Major Project: The Other Woman

Video Description

‘The Other Woman’ is a critique of Western Orientalist representations of on Arab Women. Through this visual essay, I explore the ways digital media is able to provide Arab women with a platform to represent their lives the way they live, rather than through the Orientalist lens of the West. I briefly discuss the history and context that surrounds the representation of Arab women as the oppressed ‘other’, while drawing on case studies to showcase the ways Arab women can utilise digital media to have a voice.


After much deliberation, I decided to go against my original format (podcast) and present ‘The Other Woman’ through video. I researched different formats for exploring the subject area of my project and determined that by creating a visual narrative, I would be able to present my findings in a way that is more interesting for an audience. As one of my case studies was purely visual (the webcomic), it also made more sense to create a video and share my findings visually.

As my project required a lot of information, I was concerned there may be too much text, which could risk losing the audience’s interest. I decided to break up the text with different images and videos, while also choosing a sound piece to complement my narrative. I was very careful to be sensitive with the content I used to portray my research, bearing in mind that certain images could still come across as Orientalist to the viewer. To combat this, I decided to mainly use images from my case studies, which I was then able to add context to, removing the stigma of these women as the ‘oppressed other’ and highlighting their experience as Arab women who actively challenge both their culture and Orientalism.

I wanted to use Arabic music that didn’t risk sounding overtly orientalist, so I researched female Arabic musicians and discovered a Lebanese band, Soap Kills, who are an electric-pop duo that sing in Arabic. I sampled two of their songs throughout my video, which I felt worked to create and support the pace and tone of my project. Though I was dealing with a dense and sensitive subject, I didn’t want the tone of the project to be upsetting or confrontational, as I felt this would be redundant to a Western audience. Instead, I chose to highlight that Arab women are more diverse and varied than the West’s projection, creating a more upbeat tone.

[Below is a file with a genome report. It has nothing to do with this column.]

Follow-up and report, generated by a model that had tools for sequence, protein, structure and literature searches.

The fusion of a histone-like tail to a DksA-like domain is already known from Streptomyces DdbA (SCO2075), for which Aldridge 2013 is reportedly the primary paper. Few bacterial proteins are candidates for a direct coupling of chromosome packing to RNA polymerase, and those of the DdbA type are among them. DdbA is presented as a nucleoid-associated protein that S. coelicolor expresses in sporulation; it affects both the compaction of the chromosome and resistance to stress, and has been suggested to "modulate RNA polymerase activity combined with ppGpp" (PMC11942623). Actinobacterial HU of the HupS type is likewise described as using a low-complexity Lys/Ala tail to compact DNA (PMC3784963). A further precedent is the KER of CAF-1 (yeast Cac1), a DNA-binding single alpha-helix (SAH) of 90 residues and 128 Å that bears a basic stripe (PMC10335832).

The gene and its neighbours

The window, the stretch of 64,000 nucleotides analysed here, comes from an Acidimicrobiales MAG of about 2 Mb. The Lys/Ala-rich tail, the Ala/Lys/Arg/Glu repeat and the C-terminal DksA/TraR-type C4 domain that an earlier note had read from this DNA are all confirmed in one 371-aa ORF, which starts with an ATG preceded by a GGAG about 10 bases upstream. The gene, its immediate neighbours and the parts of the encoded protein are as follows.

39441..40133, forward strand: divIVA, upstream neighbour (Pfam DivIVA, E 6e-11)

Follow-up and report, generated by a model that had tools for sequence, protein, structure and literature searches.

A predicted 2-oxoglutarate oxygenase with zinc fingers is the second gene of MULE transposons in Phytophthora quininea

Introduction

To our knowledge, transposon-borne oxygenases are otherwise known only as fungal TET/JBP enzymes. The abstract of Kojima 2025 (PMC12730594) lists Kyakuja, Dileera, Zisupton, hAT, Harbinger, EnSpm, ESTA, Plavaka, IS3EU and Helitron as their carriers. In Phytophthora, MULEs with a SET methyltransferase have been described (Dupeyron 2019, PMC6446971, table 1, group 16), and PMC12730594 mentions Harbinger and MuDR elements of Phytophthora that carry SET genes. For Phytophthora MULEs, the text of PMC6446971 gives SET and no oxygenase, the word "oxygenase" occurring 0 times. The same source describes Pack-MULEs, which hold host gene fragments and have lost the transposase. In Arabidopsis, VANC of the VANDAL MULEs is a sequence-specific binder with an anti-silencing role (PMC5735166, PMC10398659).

The strength to creating a video is the ability to combine sound, footage, images and text. This keeps the content fresh and interesting, and it also forces the full attention of the audience. Through video, I was able to bring Deena Mohamed’s web comic to life and to also show Amy Roko’s videos and tweets. Through creating a video, I was able to have complete control over how the audience experiences my research by editing the music, images, text and footage to play in the format I choose. This allowed me to control what I wanted my audience to experience and how they experienced my findings.

A limitation to using a video is that it is very visual based and I needed to include text to make my argument. I tried to simplify my text to allow for its placement in a visual format, which may have limited my information and may also be hard for the audience to soak up in a video format. To amend this, as stated earlier, I made sure to include images and footage to keep the overall content interesting.



Al Majid, A. 2015, Social media star Amy Roko on being funny and female in Saudi, Medium (originally published on AJ+ News), accessed 25/05/2014, available at:

Ammar, M. 2013, It’s A Bird…It’s A Plane…It’s Qahera!, The Daily Beast, accessed 26/05/2015, available at:

Grigsby, H. 2015. A New Feminist Movement? Middle Eastern Hijabis as Superheroes. Aquila Style. Accessed 08/04/15, available at:

Odine, M. 2013. Role of Social Media in the Empowerment of Arab Women Global Media Journal 12.22 (Spring 2013): 1-30. Accessed 06/04/15, available at:,1007139,1000001,1007133,1007884,1007885,1007886,1007887,1007888,1007889,1007883,1007912,1007913,1007914,1007915,1007916,1007917,1007911,1007898,1007899,1007900,1007901,1007902,1007903,1007897

Professor Alsultany Discusses Images of Arab Women 2011, Youtube, Arab American National Museum, Mar 31, viewed 26 May 2015, accessed:

Said, E 2001, ‘From Orientalism’, in V Leitch (ed.), The Norton Anthology of Theory and Criticism, W. W. Norton, New York, pp. 1991-2012 As cited by Evelyn Alsultany:

Footage used:

Roko A, 2015, skateboarding into town, 22 Apr 2015, tweet:

Extrait Burqa (scene from Sex and the City 2), macerrise, Youtube, Nov 14, viewed 28/05/2015, available at:


All screenshots from Amy Roko’s Twitter feed, available at:

Screenshot of Amy Roko’s Vine, available at:

All parts of Qahera The Superhero webcomic, accessed from:

Farish, Saidi, N, 2014, Pinterest, accessed 27/05/2015, available at:

Qahera, Une Super-Herione Egyptienne, 2014, Avoir-Alire accessed 27/05/2015, available at:

 Roger Fenton Pasha and Bayadere, 1858, Wikipedia, CC, accessed 27/05/2015, available at:

 Who’s afraid of twitter?!, 2011, Wale, flickr, accessed 28/05/2015, available at:

Screenshot of Youtube clip with Asmaa Mahfouz, 2011, Iyad El-Baghdadi, Youtube, accessed 28/05/2015, available at:

 Feminism and Feminist Tactics, 2013, stillhavetoprotest, wordpress, accessed 28/05/2015, available at:

Spread this like wildfire, 2015, Amy Roko, 19 Mar, tweet:


Soap Kills, Tango, Soundcloud, accessed 26/05/2015, available at:

Soap Kills, Galbi, Youtube, accessed 26/05/2015, available at:

About intersectionalalien

Hi hello people of earth/space/cyberspace, intersectional alien here. I’m still trying to figure out my place on this earth. I like intersectional feminism, feminism in popular culture, LGBTQ+, refugee rights, veganism, mental health, nihilism, travelling, unlearning institutional conditioning, good tunes and consuming and creating stories.
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